They helped them to develop new technology and schools for them. Communication will now be more efficient for them. There are also more means of transportation with the help of the British. The Education in India was improved by the British. “ They have introduced Western Education...modern thought, modern sciences, and modern life”(Document 3).
The policy of British Imperialism was never really intended to educate and liberate people. In most cases, colonization attempts had the aim of optimizing strategic location economic partners, and political dominance. The British showed that their way of imperialism was meant to increase economy and gain strategic locations when they colonized Africa and Australia. However, for India, it wasn’t colonized but made a protectorate instead; for the aim of civilizing the lesser people. So, why did Britain choose to make Africa and Australia colonies, but India a protectorate?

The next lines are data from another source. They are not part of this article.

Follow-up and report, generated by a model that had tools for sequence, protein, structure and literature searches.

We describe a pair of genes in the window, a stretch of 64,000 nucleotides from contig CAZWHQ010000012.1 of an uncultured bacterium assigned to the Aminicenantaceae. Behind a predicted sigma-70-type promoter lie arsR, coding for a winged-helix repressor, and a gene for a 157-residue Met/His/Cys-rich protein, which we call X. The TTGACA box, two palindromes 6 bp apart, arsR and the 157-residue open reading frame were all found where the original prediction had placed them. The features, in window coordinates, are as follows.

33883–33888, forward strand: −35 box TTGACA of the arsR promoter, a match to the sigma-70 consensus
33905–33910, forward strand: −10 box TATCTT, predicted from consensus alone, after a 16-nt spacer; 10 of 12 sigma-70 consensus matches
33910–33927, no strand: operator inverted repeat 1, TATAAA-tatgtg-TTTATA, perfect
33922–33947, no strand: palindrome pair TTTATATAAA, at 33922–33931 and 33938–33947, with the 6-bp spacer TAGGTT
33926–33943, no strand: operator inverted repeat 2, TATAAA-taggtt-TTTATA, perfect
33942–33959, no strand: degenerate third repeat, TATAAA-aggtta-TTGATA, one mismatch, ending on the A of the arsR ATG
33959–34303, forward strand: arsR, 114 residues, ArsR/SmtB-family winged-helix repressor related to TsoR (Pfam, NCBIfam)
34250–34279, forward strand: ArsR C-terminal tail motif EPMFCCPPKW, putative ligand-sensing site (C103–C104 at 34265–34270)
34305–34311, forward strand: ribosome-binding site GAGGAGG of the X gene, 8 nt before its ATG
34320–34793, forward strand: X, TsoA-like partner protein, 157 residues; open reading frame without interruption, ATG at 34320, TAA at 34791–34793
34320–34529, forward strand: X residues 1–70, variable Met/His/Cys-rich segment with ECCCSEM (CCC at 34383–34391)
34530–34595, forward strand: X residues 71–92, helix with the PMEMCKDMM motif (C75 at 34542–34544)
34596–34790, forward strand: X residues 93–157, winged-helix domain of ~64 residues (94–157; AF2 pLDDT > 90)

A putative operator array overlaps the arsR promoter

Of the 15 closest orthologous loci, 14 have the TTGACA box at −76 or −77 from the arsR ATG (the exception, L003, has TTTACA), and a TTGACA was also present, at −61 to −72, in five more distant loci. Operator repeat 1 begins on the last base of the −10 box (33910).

The British empire, widely labelled the most expansive of its kind throughout recorded history by various historians and for good reason, owes its success to a multitude of factors. From colonisation and religious conversion to new trade routes and a constant demand for new resources. Arguably, however, the foundation for the empire’s achievements can be attributed to Britain’s extensive exploration/discovery exploits. Continuously watching from the sidelines with countries such as Spain, Portugal, and the Netherlands bolstering their global empires through constant conquest, colonisation, an abundance of new world resources, and discovery of new efficient trade routes, created a new nationalistic mindset within the British monarchy due to